Zhejiang: Demographics

She ethnic county, townships and towns in Zhejiang

Han Chinese make up the vast majority of the population, and the largest Han subgroup are the speakers of Wu varieties of Chinese. There are also 400,000 members of ethnic minorities, including approximately 200,000 She people and approximately 20,000 Hui Chinese. Jingning She Autonomous County in Lishui is the only She autonomous county in China.

Historical population
Year Pop. ±%
1912 21,440,000 -
1928 20,643,000 −3.7%
1936-37 21,231,000 +2.8%
1947 19,959,000 −6.0%
1954 22,865,747 +14.6%
Year Pop. ±%
1964 28,318,573 +23.8%
1982 38,884,603 +37.3%
1990 41,445,930 +6.6%
2000 45,930,651 +10.8%
2010 54,426,891 +18.5%

Zhejiang: Religion

Circle frame.svg

Religion in Zhejiang

Chinese ancestral religion (23.02%)
Christianity (2.62%)
Other religions or not religious people (74.36%)

The predominant religions in Zhejiang are Chinese folk religions, Taoist traditions and Chinese Buddhism. According to surveys conducted in 2007 and 2009, 23.02% of the population believes and is involved in ancestor veneration, while 2.62% of the population identifies as Christian, decreasing from 3.92% in 2004. The reports didn't give figures for other types of religion; 74.36% of the population may be either irreligious or involved in worship of nature deities, Buddhism, Confucianism, Taoism, folk religious sects, and small minorities of Muslims.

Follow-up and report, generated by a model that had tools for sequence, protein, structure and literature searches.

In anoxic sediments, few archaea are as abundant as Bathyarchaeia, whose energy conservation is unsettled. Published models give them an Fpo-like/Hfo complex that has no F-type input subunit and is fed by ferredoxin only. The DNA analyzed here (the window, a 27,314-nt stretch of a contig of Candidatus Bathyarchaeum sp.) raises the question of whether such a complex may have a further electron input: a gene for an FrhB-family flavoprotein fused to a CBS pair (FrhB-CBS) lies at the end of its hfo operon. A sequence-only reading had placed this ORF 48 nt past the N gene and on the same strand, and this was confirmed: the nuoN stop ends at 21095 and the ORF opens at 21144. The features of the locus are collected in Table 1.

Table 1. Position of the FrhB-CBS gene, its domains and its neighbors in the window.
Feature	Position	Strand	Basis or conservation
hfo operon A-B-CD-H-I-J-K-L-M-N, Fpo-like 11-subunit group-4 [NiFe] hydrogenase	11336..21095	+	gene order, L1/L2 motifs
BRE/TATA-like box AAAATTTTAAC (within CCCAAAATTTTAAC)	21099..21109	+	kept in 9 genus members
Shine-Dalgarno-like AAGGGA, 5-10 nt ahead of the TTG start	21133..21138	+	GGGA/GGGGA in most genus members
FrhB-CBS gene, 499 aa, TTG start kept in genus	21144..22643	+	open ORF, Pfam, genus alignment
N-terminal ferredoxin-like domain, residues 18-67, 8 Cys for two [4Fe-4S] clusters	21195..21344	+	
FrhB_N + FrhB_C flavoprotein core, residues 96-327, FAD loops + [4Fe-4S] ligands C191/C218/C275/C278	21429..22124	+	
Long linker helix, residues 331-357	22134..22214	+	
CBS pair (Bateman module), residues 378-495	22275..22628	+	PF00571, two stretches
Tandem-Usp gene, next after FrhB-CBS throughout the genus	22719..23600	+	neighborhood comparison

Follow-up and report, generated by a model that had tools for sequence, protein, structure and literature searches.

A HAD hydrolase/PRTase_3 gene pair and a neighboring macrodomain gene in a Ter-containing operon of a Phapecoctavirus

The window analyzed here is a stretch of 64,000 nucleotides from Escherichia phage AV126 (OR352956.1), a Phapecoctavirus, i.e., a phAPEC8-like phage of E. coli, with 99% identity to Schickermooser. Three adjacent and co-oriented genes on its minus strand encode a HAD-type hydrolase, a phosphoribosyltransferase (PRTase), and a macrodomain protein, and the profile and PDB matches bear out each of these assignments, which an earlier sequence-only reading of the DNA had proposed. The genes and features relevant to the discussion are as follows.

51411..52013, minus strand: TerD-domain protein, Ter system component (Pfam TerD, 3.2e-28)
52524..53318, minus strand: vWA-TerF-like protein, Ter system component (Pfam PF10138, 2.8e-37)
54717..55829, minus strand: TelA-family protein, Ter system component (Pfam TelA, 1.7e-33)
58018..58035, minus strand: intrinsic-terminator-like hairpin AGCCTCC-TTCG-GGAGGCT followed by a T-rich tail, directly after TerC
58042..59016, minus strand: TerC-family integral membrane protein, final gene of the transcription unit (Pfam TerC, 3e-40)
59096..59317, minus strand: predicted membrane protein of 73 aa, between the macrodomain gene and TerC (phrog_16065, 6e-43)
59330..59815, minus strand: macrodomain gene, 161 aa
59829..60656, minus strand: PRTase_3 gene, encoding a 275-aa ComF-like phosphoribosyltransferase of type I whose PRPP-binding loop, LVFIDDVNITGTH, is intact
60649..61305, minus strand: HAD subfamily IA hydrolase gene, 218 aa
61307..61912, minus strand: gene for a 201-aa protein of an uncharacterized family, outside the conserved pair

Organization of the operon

In mid-2015 the government of Zhejiang recognised folk religion as "civil religion" beginning the registration of more than twenty thousand folk religious associations. Buddhism has an important presence since its arrival in Zhejiang 1,800 years ago.

Church domes over Aojiang (Pingyang County)

Catholicism arrived 400 years ago in the province and Protestantism 150 years ago. Zhejiang is one of the provinces of China with the largest concentrations of Protestants, especially notable in the city of Wenzhou. In 1999 Zhejiang's Protestant population comprised 2.8% of the provincial population, a small percentage but higher than the national average.

The rapid development of religions in Zhejiang has driven the local committee of ethnic and religious affairs to enact measures to rationalise them in 2014, variously named "Three Rectifications and One Demolition" operations or "Special Treatment Work on Illegally Constructed Sites of Religious and Folk Religion Activities" according to the locality. These regulations have led to cases of demolition of churches and folk religion temples, or the removal of crosses from churches' roofs and spires. An exemplary case was that of the Sanjiang Church.

Islam arrived 1,400 years ago in Zhejiang. Today Islam is practiced by a small number of people including virtually all the Hui Chinese living in Zhejiang. Another religion present in the province is She shamanism (practiced by She ethnic minority).

Zhejiang: Media

The Zhejiang Radio & Television, Hangzhou Radio & Television Group, Ningbo Radio & Television Group are the local broadcasters in Zhejiang Province.

Zhejiang: Culture

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See also: Major national historical and cultural sites (Zhejiang)
A boat on one of Shaoxing's waterways, near the city center. North Zhejiang, known as the "Land of Fish and Rice", is characterized by its canals and waterways.